Currently living between Athens, London - and occasionally Istanbul - I balance big city life with trips into the Greek countryside in search of the best local taverna or the latest luxury resort. Recently, I wrote the best-selling Secret London - An Unusual Guide, an insider's guide for intrepid tourists and jaded locals alike. But I have never tired of the anarchic allure of Athens, an ancient capital with a restless capacity for reinventing itself.

My Athens

The most breathtaking view:  The Parthenon by moonlight from pine-forested Philoppapou Hill, with only stray dogs for company.

My secret cafe:  The rooftop cafe at the Islamic Museum overlooks Keramikos, the ancient cemetery of Athens. Both sites are surprisingly under the radar.

My dream date:  A black and white classic at any of the city's outdoor cinemas. Ice cold beer, wafts of jasmine and cigarette smoke, and Alfred Hitchcock under a canopy of stars.

My favourite place to get lost: Wandering the whitewashed alleys of Anafiotika, a miniature Cycladic island marooned in the shadow of the Acropolis.

Where I always grab a coffee: Da Capo on Kolonaki Square is a little slice of Italy (divine coffee, theatrical barristas, a marble counter with picture windows for people-watching) with a very Greek sensibility (chain-smoking patrons, a disorderly self-service queue, loud crowds who sit gossipping for hours rather than knocking back their coffee). An Athenian classic.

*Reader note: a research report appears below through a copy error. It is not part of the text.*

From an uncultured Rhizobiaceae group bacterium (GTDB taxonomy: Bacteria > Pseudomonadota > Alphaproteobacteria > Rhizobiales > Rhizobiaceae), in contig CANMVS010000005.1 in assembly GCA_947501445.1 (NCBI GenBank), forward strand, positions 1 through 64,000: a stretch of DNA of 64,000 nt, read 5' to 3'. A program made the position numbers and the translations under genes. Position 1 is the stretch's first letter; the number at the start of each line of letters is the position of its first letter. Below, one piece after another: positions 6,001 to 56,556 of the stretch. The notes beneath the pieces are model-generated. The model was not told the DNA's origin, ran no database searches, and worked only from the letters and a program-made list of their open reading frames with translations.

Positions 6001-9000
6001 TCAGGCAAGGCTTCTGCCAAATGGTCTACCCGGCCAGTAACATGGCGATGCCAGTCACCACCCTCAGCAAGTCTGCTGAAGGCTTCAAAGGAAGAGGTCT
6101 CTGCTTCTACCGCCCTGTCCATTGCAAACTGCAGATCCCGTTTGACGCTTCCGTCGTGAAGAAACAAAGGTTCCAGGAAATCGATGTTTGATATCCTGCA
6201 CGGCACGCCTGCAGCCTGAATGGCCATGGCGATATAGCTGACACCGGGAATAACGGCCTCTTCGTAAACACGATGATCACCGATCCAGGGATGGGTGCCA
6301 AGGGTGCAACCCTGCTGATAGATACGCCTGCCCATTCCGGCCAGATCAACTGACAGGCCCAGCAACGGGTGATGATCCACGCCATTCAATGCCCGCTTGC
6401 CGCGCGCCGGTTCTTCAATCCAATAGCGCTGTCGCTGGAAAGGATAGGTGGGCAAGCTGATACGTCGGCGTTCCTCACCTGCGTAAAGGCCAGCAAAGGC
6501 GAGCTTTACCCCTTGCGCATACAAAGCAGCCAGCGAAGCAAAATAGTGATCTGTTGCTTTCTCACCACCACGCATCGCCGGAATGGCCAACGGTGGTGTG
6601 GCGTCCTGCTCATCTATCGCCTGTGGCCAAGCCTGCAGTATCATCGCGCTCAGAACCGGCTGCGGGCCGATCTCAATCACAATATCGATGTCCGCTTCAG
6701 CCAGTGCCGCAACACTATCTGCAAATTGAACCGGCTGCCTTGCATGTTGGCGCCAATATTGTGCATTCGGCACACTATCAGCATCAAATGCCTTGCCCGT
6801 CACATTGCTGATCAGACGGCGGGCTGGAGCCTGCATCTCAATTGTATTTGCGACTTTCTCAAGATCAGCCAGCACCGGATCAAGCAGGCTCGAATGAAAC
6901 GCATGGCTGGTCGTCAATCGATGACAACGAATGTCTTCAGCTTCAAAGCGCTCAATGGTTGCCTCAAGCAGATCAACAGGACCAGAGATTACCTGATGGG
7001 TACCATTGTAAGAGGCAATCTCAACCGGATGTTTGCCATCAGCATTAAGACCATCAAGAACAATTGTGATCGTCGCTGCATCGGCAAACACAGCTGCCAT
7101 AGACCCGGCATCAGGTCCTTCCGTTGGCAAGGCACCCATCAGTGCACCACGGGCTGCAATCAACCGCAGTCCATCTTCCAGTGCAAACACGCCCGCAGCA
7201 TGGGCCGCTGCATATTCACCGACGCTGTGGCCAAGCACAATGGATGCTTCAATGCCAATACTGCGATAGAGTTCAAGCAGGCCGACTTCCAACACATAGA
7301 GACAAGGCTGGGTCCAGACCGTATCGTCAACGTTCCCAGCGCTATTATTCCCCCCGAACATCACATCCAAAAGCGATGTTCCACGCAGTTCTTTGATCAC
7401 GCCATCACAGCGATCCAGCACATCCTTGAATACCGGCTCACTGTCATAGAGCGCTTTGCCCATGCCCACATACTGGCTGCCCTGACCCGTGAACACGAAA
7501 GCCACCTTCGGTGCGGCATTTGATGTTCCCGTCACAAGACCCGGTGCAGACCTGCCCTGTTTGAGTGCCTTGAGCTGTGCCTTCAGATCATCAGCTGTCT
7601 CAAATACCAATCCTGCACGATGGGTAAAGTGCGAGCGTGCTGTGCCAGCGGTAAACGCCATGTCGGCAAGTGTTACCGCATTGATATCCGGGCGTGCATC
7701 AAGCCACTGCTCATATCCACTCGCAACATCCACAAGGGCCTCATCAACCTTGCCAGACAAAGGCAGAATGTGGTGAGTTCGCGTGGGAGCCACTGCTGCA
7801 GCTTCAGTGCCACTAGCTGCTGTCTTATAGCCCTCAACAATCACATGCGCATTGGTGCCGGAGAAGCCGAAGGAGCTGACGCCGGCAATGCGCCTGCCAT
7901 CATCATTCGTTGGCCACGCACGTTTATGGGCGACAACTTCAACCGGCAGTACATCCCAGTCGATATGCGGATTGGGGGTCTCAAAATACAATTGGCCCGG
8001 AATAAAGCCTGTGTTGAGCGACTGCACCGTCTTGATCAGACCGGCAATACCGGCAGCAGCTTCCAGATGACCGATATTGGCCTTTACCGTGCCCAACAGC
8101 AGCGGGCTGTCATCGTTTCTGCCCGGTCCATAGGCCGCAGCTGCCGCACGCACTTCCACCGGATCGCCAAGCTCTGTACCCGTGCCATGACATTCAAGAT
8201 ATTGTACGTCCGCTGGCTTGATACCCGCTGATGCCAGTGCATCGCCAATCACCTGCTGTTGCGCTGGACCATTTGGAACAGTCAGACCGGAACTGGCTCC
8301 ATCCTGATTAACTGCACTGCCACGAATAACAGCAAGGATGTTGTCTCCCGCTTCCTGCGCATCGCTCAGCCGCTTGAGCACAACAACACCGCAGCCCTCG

Where to be seen: Gazi is a good entry point into the city's riotous nightlife, but the edgier bars in Keramikos (try Nixon or Bios) are for those in the know. The most alluring example of the latest trend for bars that double as event spaces is Six Dogs bar in Monastiraki, with a lovely secret garden.

Where to find a moment of calm: Athens isn't a byword for tranquility. But wander up to the summit of pine-forested Lycabettus Hill for bird's eye views of the clamouring city below and you'll suddenly feel at peace. 

Fiction for Inspiration: Although a few years old, Dinner with Persephone by Patricia Storace really gets under the skin of contemporary Athens in all its surreal, chaotic glory. Sofka Zinovieff's Eurydice Street is a more recent chronicle of a foreigner getting to grips with the modern-day city, enriched with plenty of fascinating historical context. 

City soundtrack: The band of the moment is Burger Project, who like to perform in fancy dress. Their live shows - consisting of mangled cover versions of everyone from Prince to Johnny Cash - are never less than brilliant.

Don't leave without: natural cosmetics from Greek ingredients by Korres or the less familiar Apivita brand. A tin of olive oil (the best is from Crete or the Peloponnese). Leather sandals from Monastiraki (Olgianna Melissinos has the finest workmanship).